Based on remarks given at the closing ceremonies of BurlyCon 2016

By Lillith Grey


There have always been entertainers in times of war.

There have always been artists in times of crisis. Even in the depths of despair, art survives. We saw theatre, poetry, music, and comedy in concentration and internment camps. We saw films, television, music and performance art throughout the Vietnam war. We saw drag, burlesque, theatre and music help our people cope through the AIDS crisis of the 80s. We see clowns, buskers, comedians, and musicians at the borders of Syria as refugees flee for their lives.

Entertainment is necessary in the face of despair, and in these times, our work serves two purposes:

1) To provide relief, beauty, peace, laughter, solace, and distraction. To provide healing.

2) To critique, provoke, resist, incite, subvert, and expose. To create revolution.

“In times of dread, artists must never choose to remain silent.” –Toni Morrison

or, in other words,


We cannot stop. We will not stop.


Grief and joy are not mutually exclusive.

Grief and suffering hollow out deep spaces that are aching to be to filled with joy, and you are called upon to respond authentically and creatively.

You are not well served to sprint through grief.

You are not well served to sprint past joy.

Ring the bells that still can ring

Forget your perfect offering

There is a crack in everything

That’s how the light gets in

-Leonard Cohen

An artist who has not suffered is an incomplete artist. That’s where the light gets in.


Your survival is revolution. Your existence is resistance.

“Caring for myself is not self-indulgence, it is self-preservation, and that is political warfare.” – Audre Lorde

Marginalized communities have known for generations that caring for our friends, our communities, and ourselves is the very definition of resistance. In times like these, turn toward your people. Nestle into your communities. Make physical spaces for community to gather, to grieve and to be joyful. Cultivate resilience.

“Do whatever it takes to make your life more worth living. Just don’t be mean.” – Kate Bornstein

Turn inward. Gather your strength. Be gentle with yourself.

Your survival is revolution.


You need a map. You need a compass.

For many of us, this is our creative New Year. This is when we look forward to the coming year and say, “Who do I want to be? Where do I want to go?” As we end this weekend, now is an excellent time to draw the map of where you want to go in the next year.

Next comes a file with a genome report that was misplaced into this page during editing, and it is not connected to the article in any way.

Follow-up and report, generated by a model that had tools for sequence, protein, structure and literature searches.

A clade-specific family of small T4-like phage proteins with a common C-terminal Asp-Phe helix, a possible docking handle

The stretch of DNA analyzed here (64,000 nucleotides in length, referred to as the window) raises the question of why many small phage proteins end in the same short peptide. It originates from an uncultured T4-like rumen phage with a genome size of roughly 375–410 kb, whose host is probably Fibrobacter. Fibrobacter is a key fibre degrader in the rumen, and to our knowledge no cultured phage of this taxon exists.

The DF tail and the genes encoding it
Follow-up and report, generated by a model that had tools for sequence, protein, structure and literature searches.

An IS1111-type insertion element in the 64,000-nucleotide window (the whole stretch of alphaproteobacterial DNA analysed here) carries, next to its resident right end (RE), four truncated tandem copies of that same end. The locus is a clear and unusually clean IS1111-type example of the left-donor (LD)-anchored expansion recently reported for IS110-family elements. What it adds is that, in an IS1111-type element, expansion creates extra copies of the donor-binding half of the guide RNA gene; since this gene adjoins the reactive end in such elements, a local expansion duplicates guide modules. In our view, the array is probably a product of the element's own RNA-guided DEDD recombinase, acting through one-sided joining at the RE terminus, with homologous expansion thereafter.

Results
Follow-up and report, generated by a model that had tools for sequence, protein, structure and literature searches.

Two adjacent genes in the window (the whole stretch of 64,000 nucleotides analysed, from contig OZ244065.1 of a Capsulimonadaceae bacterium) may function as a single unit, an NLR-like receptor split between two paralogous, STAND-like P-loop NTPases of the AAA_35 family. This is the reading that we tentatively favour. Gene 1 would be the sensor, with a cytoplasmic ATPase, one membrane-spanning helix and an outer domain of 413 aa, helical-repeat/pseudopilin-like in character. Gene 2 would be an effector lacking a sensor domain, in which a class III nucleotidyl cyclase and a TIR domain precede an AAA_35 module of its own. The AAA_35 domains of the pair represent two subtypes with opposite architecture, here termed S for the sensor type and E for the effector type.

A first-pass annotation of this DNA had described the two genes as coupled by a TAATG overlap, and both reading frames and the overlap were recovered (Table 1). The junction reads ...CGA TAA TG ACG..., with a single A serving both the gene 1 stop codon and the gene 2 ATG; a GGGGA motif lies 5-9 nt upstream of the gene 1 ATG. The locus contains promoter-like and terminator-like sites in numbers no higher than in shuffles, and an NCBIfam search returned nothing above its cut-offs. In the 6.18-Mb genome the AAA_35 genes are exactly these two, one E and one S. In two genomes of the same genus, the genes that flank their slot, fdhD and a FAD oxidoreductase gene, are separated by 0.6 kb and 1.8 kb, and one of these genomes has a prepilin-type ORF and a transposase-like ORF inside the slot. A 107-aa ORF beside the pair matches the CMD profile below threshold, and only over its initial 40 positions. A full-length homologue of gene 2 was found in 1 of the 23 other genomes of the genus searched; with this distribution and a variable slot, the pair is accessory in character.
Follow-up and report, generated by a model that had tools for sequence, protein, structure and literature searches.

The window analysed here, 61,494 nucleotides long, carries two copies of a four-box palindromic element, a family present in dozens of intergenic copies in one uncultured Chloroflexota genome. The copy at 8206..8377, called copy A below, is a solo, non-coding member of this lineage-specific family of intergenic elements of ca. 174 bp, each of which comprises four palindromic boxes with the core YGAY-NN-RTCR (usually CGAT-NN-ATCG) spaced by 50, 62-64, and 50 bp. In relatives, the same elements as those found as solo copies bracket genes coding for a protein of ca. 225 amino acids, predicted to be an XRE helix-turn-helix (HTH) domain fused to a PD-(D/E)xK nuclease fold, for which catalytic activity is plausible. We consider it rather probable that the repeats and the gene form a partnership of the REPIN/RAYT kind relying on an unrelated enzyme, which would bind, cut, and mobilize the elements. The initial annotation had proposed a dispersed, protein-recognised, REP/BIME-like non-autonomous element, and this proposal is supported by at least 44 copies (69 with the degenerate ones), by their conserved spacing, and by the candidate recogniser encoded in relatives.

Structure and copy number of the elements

Your mission statement is your map. This outlines your broad goals and areas of focus for the coming year. This shouldn’t include specific items, but should be like an umbrella that includes your goals. Your mission statement could include things like:

To create space for artists

To amplify marginalized voices

To make art to bring healing

To make art to bring revolution

To invest in self-care

To dismantle white supremacy

To dismantle patriarchy

To disrupt political systems

To pursue self-growth

To participate in community

To mentor and educate

To seek mentorship and education

To develop and hone artistic skills

To broaden your artistic endeavors

To survive

To thrive

Your value statement is your compass. Your value statement includes the commitments, beliefs, and ethical guidelines you use as you move along in your mission. Your values may include things like:











Self Reflection



Active allyship

Care of others

Continuing education

These lists are just examples – every artist’s mission and values will look different. Knowing your mission and your values will give you solid ground on which to make decisions. Write it down. Really, write it down.

What do I say no to? When should I say yes?

Do I accept this gig? Do I do this act? Do I join this troupe, start this show, create this festival? How do I respond to this issue? What do I do?

Consult your map. Use your compass.


Do not close your eyes. 

Do not cover your ears. 

Do not shut your mouth. 

Do not turn away.

You have to see each other. Not as examples, tokens, stereotypes, or assumptions, but as 3-dimensional people with complex lives and experiences. Say, “I see you.” Say, “I am with you.”

You have to listen to each other. Listen to each other’s truths. Say, “I believe you.”

You have to speak up. We cannot afford silence. Be loud. Be proud. Speak truth to power.

Act up. Use your privilege. If you’re in this room today, you carry privilege. But do not forget there are some people in this room who carry far more privilege than other people in this room. Remember there is a difference between not racist and anti-racist. There is a difference between not transphobic and anti-transphobic. Ally is a verb.

You are going home to a shifted culture. Nothing has changed in the last week – the problems have been there all along. But our country has shifted, and we all know it.

Do not close your eyes.

Do not cover your ears.

Do not shut your mouth.

Do not turn away.

We have work to do.